A few weeks back, Wonkie published a Julius Malema meets the Guru cartoon. In case readers were wondering what happened to Moolius Jalema in that parallel universe, today’s post has the answer. Wonkie formally salutes the born leader, surviving against all odds.
Whether Malema is a bumbling monster created by the media, or a gentle giant who is simply misunderstood, one thing is for sure – he is hard to ignore. The writer below ponders Malema and his future and Wonkie is keen to read your opinion in the comments section below.
What has given rise to the phenomenon that is Juju – aka Julius Malema? Why has the ANC taken disciplinary action against him and his lieutenants and why has the media given so much publicity to his sayings and actions? So much so that he is one of the best known political figures in the country.
Is it that the organisation he leads, the ANC Youth League (ANCYL), has a genuine track record of thoughtful policy formulation and active grassroots campaigning in support of democracy, accountability and economic equality and is thus a threat to the vested interests of a Zuma faction that is holding up progress? And following from this, with regard to the media, in claiming to stand against corruption and elitism, is Juju a hero worthy of attention?
In a more general sense, is the ANC action a scrambling to block a radical, socialist Juju? The media coverage being the reactionary attack of a co-conspirator to protect the status quo – which suits big business (both black and white) and the mandarins of the state apparatus. Or is it the result of a senior grouping in the ANC finally becoming intolerant of Juju’s inflammatory rantings and a concomitant media consensus that he and the ANCYL constitute a crude, populist force that is a danger to the very values and interests they purport to represent? Of course, on the media side, it may be none of these things, but simply akin to giving a half-baked politician (a la Sarah Palin) a chance to look ridiculous (see how entertaining the political leadership is!) and thus a tool to boost sales. In the South African context there is also the possibility that it is generalised ANC-bashing – the unfair sub-text being: see how ignorant/opportunistic our new black leaders are.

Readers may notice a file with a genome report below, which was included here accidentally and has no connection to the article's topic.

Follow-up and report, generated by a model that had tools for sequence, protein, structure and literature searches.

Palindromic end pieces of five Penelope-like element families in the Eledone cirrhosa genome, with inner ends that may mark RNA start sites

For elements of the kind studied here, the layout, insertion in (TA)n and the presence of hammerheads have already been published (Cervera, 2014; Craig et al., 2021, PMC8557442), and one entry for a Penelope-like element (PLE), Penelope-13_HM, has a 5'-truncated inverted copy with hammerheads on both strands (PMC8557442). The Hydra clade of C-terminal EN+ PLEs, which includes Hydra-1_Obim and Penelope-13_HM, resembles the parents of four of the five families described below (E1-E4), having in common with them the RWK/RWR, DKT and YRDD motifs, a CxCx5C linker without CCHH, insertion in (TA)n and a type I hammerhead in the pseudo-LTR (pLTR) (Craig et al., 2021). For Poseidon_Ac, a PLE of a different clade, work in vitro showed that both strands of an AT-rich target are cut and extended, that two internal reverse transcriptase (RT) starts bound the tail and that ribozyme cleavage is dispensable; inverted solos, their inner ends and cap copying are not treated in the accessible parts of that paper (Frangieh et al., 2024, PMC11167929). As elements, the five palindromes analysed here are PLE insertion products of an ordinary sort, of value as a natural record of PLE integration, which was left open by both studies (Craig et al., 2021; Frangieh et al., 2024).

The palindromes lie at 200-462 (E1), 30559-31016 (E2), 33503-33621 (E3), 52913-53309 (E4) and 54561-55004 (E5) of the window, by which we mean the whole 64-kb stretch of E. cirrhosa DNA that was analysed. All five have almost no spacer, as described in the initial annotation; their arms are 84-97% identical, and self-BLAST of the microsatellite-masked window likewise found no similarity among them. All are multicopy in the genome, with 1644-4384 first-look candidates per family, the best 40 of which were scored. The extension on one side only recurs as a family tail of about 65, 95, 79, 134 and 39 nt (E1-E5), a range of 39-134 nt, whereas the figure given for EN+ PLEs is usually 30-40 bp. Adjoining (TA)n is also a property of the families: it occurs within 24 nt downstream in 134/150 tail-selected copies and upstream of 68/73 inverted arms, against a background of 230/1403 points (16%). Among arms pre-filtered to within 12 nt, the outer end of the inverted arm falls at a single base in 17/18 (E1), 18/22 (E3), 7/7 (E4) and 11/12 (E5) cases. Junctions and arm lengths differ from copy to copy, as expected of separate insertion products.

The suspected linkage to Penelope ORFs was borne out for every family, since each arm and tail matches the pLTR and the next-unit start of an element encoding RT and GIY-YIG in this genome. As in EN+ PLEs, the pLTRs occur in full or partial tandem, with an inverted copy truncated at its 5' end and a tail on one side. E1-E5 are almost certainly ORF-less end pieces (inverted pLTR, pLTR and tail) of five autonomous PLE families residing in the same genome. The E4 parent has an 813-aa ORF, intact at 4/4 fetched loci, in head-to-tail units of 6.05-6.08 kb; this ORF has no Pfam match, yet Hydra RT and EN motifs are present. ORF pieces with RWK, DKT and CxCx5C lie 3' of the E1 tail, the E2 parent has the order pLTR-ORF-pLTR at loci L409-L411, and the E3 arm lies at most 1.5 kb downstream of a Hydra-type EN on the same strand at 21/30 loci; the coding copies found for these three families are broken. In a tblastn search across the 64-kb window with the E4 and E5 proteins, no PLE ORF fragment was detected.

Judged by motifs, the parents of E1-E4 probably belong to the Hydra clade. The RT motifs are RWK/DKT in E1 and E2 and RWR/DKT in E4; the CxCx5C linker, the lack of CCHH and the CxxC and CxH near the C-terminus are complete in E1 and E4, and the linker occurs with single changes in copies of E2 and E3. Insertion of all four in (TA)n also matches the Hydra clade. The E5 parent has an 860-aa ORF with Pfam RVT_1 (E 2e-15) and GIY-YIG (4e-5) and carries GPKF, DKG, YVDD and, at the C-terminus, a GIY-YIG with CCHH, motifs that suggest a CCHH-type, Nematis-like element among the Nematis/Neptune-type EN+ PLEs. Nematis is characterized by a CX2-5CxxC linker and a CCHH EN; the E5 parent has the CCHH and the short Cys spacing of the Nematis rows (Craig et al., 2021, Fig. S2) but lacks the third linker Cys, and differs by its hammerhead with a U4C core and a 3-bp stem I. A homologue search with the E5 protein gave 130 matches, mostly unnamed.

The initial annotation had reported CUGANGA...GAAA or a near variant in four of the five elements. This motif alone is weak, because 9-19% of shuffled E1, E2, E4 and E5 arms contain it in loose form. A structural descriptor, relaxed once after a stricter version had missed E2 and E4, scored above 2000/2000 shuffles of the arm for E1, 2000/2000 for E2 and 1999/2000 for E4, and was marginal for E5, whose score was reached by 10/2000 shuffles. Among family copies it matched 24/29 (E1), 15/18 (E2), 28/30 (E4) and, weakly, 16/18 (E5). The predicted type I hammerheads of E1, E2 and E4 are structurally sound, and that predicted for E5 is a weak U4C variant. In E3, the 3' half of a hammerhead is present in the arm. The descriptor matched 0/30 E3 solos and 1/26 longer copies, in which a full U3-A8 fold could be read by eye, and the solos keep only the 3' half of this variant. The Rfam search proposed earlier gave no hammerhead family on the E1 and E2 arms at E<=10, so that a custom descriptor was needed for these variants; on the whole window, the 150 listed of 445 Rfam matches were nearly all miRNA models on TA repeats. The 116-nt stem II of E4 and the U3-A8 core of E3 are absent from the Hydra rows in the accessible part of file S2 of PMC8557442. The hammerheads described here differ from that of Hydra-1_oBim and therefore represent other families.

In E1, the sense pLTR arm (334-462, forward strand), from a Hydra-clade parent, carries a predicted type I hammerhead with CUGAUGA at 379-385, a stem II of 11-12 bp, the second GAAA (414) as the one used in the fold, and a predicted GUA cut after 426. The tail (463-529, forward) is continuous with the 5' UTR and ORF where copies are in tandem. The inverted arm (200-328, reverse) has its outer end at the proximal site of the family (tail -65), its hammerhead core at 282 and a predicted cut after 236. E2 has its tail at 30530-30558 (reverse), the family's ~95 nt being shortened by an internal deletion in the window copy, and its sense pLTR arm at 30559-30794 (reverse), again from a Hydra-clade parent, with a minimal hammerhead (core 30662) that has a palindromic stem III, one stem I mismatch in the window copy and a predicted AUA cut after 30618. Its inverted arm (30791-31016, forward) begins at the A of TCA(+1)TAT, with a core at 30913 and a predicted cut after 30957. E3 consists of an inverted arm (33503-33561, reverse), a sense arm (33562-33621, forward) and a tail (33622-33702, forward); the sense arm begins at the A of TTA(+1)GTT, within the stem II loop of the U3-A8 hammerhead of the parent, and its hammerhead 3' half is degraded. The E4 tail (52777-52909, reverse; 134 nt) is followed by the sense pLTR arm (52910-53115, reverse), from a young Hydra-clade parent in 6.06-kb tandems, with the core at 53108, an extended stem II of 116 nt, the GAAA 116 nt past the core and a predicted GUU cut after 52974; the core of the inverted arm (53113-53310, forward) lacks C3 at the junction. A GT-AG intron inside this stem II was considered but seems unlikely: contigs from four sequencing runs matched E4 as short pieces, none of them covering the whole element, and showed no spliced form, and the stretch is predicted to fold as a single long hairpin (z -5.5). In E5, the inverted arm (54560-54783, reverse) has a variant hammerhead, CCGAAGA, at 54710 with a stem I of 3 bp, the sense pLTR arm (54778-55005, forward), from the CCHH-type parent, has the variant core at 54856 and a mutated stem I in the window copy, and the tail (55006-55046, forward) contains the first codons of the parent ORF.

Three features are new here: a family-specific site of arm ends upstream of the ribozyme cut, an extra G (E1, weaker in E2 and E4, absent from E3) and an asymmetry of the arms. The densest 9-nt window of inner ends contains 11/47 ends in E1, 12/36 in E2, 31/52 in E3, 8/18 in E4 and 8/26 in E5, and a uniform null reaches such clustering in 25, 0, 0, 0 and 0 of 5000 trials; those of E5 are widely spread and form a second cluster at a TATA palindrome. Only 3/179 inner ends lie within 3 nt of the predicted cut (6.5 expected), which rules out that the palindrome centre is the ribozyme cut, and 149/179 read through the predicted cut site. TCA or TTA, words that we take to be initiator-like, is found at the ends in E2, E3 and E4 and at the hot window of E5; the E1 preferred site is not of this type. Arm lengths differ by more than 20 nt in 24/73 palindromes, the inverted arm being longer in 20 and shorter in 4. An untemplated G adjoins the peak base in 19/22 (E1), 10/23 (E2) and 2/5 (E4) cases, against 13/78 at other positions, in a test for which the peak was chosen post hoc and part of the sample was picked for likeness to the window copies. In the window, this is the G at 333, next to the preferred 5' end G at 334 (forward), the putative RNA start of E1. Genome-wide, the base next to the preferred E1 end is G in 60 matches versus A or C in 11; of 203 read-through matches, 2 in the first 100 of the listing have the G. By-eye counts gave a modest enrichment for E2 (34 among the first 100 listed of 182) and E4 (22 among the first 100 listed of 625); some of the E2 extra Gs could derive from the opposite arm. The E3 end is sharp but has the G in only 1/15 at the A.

The potential answers are many. But a brief look at our recent history shows that over the past two decades the ANCYL has not conducted a single effective grassroots campaign, has not led the Youth Development Fund in a positive manner and has a leadership tainted by a culture of patronage and opportunism. This began flourishing in the mid 1990s under the tutelage of Brett Kebble – being part of a more general moral disintegration within the ANC. Combine these organisational flaws with a malfunctioning education system, the alienation caused by a media-fed culture of mindless consumption together with the celebrity cult dominating politics and social intercourse, and you have an ANCYL that is all rhetoric and whose leaders are grossly compromised even as they claim to represent a mass base of unemployed, disaffected youth (people below the age of thirty) who are angry and frustrated but politically unsophisticated and susceptible to half-baked sound-bites. And so it is that Juju, despite his questionable lifestyle and financial dealings, has come to represent both the rural and urban under-class. And flowing from this, his statements on issues (ranging from rape to nationalisation), though generally crude calls delivered with bombast, meet with popular support and, as a result, are given widespread media coverage.